WHY I’M RECOMMENDING IT: This is basically a shameless plug-in for the mystery/erotic/paranormal novellas I have published under the penname T.L. West. If you’re into steamy quick reads featuring a whole lot of queer characters, you should consider helping out an indie author. If you’re really into worldbuilding, the three novellas are set in the same fictional world. However, you can read each as a standalone, too. There’s danger, gore, not the most well-prepared queer leads, dark magic, fated lovers… you know, the usual stuff. You can find these titles wherever ebooks are sold.

TITLE: The Books of Babel by Josiah Bancroft
WHY I’M RECOMMENDING IT: A friend of mine designs the covers for Josiah’s books, and when I was handed a copy of Senlin Ascends I immediately dove into it. There are three installments in the series now, and every one of them is amazing. You want high class world building? It’s there. Amazing characters? IN DROVES. Action, suspense, and PIRACY? You will literally never be disappointed. This was a series that started with two self-published books and was [somewhat] recently picked up by Orbit, and for good reason. It’s a well-written saga with more to come, and I for one can’t wait for it.


TITLE: The Unbeatable Squirrel Girl
WHY I’M RECOMMENDING IT: When the world is really rough, I like to read about a hero who is upbeat and a little snarky and a lot ridiculous. Squirrel Girl fits that to T. There’s just no getting her down. This is a perfect comic for lifting your spirits and making you laugh. There are big collectible volumes that can often be found at your local library, but you can also get them on Amazon for not too much money (well, you may have to order them elsewhere with Amazon focusing on medical supplies but it’s worth it!).

Check Please year oneTITLE: Check Please!
WHY I’M RECOMMENDING IT: I don’t have much else to say that I didn’t already mention in my rec of the series a few years ago, but with Bitty’s adventures coming to an end very, very soon, a period of self-isolation is the perfect opportunity to start from the beginning and remind yourself why this pure Southern baker with a heart of gold won the world’s (and Jack’s) heart in the first place. (I recently did a reread when I got my review copy of Sticks and Scones!)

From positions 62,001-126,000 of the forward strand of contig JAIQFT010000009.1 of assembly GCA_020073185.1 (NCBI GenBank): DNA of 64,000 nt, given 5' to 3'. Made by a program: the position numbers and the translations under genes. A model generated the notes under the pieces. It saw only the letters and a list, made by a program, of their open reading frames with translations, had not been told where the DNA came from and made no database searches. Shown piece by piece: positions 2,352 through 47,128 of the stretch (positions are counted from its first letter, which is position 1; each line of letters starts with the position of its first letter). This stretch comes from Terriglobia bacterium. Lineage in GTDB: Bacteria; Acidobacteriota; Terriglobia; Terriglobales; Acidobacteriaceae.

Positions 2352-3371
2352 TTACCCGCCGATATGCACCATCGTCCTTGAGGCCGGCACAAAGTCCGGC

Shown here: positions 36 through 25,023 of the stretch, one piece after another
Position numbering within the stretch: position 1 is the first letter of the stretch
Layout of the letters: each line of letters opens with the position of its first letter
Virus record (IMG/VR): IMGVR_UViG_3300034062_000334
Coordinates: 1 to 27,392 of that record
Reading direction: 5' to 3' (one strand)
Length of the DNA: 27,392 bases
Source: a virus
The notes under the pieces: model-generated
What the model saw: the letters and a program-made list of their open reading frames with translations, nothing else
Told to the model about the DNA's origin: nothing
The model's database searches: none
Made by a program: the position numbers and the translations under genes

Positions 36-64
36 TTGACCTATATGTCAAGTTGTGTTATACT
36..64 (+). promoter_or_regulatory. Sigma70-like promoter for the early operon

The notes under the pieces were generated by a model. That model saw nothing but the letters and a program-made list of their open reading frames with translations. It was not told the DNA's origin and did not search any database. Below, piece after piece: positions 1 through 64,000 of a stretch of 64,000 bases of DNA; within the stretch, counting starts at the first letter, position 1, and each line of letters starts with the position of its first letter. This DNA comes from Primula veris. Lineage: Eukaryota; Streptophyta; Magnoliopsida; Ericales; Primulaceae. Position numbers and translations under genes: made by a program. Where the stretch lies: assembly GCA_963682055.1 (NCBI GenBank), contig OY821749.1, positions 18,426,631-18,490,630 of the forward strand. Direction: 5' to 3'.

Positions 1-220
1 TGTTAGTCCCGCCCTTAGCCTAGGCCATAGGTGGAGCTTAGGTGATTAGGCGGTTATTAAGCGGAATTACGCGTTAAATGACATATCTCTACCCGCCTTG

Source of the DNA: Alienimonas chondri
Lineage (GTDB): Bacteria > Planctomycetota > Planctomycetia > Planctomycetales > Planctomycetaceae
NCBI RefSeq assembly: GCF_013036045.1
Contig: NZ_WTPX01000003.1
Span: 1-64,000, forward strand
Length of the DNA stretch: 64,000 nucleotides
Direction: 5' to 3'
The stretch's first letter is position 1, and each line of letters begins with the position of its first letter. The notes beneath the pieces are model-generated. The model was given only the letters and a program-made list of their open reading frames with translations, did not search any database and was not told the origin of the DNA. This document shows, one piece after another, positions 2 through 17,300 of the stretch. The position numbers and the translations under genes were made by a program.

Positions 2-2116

TITLE: Strong Female Protagonist
WHY I’M RECOMMENDING IT: This book doesn’t have the same upbeat tone as Squirrel Girl, but it is a great read and there’s a lot of it. It follows the adventures of a young woman with superpowers who is spent the majority of her younger years as a Superhero before becoming disillusioned and retiring. I like it for the variety of compelling characters and the way it handles complex issues. It might be something you can sink your teeth into if you also are feeling a bit disillusioned. I personally have the paperbacks and I like that format, but you can find it online if you are unwilling to leave your house.

Author: Jamie Sugah

Jamie has a BA in English with a focus in creative writing from The Ohio State University. She self-published her first novel, The Perils of Long Hair on a Windy Day, which is available through Amazon. She is currently an archivist and lives in New York City with her demon ninja vampire cat. She covers television, books, movies, anime, and conventions in the NYC area.